In context this is Paul conveying to one particular group of Christians in a particular place at a particular time his assurance that God would meet all their needs. Because Paul is speaking as an apostle, we can assume that God had given him that message to pass on to that church. It was a message for those Philippians. The occasion of the message was as part of a “thank you note” which Paul wrote to the church because he had received some gifts they had sent him with Epaphroditus. And in the first instance that promise that “God will meet all your needs” was historically unique to the Philippians, just as much as their gifts to Paul were historically unique.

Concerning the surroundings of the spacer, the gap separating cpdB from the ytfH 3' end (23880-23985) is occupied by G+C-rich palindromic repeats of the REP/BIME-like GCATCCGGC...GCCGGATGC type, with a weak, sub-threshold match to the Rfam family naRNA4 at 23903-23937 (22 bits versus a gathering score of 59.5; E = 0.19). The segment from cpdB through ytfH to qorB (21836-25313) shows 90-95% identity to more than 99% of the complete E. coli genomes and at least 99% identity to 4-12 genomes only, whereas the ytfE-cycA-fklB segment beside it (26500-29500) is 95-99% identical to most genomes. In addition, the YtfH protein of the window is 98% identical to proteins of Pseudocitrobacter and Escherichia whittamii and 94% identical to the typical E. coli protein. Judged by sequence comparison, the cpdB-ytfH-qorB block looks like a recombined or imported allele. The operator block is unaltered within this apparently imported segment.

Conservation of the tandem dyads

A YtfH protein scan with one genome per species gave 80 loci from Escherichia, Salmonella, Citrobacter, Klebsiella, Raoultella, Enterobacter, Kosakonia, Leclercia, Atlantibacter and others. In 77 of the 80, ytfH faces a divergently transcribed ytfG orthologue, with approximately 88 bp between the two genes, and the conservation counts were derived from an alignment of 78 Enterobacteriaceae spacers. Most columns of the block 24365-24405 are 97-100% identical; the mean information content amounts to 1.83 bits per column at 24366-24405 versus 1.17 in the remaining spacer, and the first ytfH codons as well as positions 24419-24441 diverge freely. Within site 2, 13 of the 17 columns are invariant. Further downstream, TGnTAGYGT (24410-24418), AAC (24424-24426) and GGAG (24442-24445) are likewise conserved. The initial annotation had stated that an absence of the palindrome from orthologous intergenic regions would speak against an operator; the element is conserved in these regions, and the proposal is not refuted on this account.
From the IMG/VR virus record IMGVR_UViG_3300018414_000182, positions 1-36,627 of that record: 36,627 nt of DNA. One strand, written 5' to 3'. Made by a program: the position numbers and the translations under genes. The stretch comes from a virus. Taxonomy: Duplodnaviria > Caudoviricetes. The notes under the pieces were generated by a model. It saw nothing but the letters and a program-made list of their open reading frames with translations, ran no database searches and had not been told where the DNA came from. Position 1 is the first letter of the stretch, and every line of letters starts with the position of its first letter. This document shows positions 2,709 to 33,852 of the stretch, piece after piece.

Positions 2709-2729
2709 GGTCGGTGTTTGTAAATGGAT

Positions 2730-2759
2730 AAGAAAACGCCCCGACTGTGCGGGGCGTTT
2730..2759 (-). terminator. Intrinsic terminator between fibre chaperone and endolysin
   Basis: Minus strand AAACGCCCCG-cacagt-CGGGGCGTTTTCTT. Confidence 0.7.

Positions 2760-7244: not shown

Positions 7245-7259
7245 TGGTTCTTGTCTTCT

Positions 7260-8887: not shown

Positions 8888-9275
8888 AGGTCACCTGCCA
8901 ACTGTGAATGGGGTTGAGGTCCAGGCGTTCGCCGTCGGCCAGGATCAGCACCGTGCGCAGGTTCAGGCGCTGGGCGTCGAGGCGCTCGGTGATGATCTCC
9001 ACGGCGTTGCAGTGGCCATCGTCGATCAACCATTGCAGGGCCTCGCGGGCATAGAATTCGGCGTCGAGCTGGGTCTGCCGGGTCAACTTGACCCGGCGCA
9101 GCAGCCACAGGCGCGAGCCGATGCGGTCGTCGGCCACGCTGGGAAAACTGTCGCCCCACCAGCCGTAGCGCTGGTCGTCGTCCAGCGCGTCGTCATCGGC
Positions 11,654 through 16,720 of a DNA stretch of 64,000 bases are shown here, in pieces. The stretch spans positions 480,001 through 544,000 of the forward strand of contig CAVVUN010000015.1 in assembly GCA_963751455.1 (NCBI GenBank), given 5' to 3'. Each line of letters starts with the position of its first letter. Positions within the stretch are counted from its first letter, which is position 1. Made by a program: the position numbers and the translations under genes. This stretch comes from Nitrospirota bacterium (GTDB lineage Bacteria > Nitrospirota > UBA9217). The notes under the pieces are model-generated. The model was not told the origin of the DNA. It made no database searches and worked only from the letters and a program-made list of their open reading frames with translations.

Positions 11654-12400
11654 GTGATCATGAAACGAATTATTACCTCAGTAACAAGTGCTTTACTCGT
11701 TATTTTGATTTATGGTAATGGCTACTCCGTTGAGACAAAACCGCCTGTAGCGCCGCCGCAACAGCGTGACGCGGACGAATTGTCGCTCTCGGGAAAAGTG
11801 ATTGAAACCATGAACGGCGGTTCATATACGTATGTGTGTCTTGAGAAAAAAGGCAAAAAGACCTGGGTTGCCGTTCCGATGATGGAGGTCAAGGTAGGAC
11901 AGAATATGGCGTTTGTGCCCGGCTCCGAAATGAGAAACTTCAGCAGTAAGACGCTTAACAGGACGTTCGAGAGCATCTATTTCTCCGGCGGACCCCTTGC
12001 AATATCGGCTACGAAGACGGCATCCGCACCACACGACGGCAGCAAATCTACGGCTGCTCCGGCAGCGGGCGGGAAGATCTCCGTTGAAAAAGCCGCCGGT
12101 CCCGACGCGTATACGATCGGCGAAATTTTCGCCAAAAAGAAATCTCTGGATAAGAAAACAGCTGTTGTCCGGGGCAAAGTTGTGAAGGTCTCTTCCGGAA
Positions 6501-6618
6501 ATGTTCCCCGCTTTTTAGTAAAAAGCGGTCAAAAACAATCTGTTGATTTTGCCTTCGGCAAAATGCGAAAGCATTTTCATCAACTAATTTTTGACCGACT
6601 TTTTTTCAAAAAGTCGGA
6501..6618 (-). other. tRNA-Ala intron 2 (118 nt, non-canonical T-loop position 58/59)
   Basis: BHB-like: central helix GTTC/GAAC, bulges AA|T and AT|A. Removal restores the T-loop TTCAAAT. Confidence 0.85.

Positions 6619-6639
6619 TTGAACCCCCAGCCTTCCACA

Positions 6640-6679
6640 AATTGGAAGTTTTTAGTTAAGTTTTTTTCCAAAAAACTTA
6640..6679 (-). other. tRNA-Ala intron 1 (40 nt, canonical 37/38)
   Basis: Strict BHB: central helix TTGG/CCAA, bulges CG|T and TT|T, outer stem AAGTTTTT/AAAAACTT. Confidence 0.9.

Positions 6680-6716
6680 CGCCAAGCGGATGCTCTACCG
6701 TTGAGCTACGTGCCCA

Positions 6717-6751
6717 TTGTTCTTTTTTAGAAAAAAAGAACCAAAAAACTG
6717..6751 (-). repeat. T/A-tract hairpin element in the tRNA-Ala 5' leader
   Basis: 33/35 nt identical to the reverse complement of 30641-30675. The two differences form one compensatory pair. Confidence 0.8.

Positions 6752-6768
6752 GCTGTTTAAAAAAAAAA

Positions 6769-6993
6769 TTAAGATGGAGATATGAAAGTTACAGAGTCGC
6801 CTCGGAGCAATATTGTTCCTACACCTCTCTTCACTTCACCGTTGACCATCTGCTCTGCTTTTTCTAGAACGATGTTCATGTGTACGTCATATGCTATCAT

But it’s not unusual for us to extend promises, or commands, in the Bible beyond the people who originally received them. Like God to Joshua: “I will never fail you or forsake you.” Many Christians regularly claim that promise. We usually say that anything Jesus said to his disciples in the gospels will apply to all his disciples in every place and generation. We take, “Go and make disciples of all nations,” as being for every Christian, not just the first apostles. We make that kind of unspoken assumption almost every time we read the Gospels. Unless we have good reasons to think otherwise, we usually say that any instructions Paul gives to a particular church in one of his letters will be a command to every church. We assumed that last week. “Do not be anxious about anything, but in everything, by prayer and petition, with thanksgiving, present your requests to God. 7 And the peace of God, which transcends all understanding, will guard your hearts and your minds in Christ Jesus.” We happily transferred those wonderful promises initially written to the Philippians on to ourselves and I am sure we were right to do so. But my point is that we made that jump in application without even thinking about it. We usually think that promises made to specific people in the Bible apply more widely to other people and so we claim them for ourselves. But let’s think about this some more.